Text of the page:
History Of Propaganda In Art Essay

957 words - 4 pages

Throughout history, the purpose of art is dedicated to anything from decorative embellishments to religious tributes. However, art was also used by rulers and other powerful figures for propagandistic reasons as well. This can be seen through a survey of art pieces ranging from the Hellenistic period to the Ottonian period.
At the beginning of the Hellenistic period Alexander the Great had just passed away, leaving his vast empire fragmented amongst many individual leaders. Many of the Greeks left the Balkan Peninsula to seek commission abroad, thus forsaking their identity and ties to the old Greek city states. The result was a greater focus on the individual, a psychological sense of isolation, as well as a mixture of foreign and Greek elements in the arts. The bust of Euthydemos I, King of Bactria, exemplifies all of these features. At the time period, many other leaders sought to liken themselves to Alexander and his greatness in the arts. However, unlike the other leaders of the fragmented kingdoms, Euthydemos does not conform to this practice for propagandistic reasons. Being the ruler of the highly prone and unstable kingdom of Bactria (modern day Afghanistan and Pakistan), Euthydemos wanted a depiction of himself to be harsh and feared. Thus, the bust portrays a cruel-looking old man with individualistic features, exaggerated creases, and a ruthless expression. No doubt, Euthydemos commanded this interpretation of his personality to serve as a warning that he could potentially be a terrible enemy.
Moving forward to the Hellenistic Baroque period, the Greeks now experience attacks from the Gauls of central Europe. Eventually, the Gauls were crushed in battle by the Pergamon army under Attalos I. Attalos I then constructed a Victory Monument which consisted of many great sculptural works including the Suicidal Gaul. The Suicidal Gaul, in particular, shows a defiantly strong chieftain who would rather commit suicide and kill his wife than be captured by his enemy. The body of the chieftain is particularly exaggerated creating a forceful rippling in the musculature, which is a testament to the Hellenistic Baroque achievement of energetic movement and intense psychological involvement. The Greeks were largely impressed with the courage and fighting abilities of the Gauls, which had reminded them of their defeat of the Persians. Ultimately, the purpose of glorifying their enemy was to convey the message that the defeat of such an impressive enemy made the Greeks’ victory and power even greater.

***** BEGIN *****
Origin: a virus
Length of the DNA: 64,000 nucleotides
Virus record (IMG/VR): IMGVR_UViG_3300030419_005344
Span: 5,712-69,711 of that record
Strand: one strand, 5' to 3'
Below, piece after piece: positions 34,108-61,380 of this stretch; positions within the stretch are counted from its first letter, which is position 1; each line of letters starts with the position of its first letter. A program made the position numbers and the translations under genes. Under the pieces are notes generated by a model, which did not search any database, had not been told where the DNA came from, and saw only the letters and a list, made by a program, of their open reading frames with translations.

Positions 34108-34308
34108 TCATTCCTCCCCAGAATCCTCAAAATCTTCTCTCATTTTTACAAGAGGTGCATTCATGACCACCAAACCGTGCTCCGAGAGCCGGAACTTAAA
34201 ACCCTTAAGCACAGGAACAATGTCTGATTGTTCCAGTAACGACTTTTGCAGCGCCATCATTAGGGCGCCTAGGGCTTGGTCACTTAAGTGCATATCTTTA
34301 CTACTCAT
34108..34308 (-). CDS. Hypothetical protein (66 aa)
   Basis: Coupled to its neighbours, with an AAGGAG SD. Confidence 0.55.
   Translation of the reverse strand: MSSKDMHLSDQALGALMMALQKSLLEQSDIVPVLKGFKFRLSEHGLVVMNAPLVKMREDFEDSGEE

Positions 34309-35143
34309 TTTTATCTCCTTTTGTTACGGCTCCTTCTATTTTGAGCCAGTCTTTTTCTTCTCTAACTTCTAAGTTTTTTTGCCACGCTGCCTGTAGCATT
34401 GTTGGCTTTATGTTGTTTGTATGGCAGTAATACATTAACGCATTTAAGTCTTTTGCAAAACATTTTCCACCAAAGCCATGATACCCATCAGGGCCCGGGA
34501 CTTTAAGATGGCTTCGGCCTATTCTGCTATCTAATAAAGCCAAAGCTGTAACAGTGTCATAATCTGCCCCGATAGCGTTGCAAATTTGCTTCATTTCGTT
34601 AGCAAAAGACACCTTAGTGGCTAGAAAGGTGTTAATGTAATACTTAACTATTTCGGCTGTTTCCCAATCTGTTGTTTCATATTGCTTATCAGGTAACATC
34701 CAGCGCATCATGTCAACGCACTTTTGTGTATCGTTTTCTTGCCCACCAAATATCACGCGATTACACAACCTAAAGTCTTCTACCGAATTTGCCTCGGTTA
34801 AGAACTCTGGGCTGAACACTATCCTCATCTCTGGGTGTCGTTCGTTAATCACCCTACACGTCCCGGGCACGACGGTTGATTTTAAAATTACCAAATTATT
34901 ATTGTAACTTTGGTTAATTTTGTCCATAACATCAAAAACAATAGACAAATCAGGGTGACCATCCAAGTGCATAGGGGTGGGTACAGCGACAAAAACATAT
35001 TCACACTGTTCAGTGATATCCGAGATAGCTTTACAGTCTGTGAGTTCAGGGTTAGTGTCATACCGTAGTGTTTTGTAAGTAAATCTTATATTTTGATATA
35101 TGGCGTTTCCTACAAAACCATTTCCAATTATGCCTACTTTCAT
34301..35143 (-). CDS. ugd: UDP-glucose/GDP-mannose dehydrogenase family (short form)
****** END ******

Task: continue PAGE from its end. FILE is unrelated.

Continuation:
During the Roman Imperial era, under the rule of Augustus, the idea that the emperor is the principate, or the foremost citizen of the state chosen by the gods to rule, is adopted. This idea is exemplified in the sculpture of Augustus of Prima Porta. Here, Augustus is portrayed in a classicizing manner and a typical Greek contrapposto stance which serves to liken the reign of Augustus to that of the golden age...

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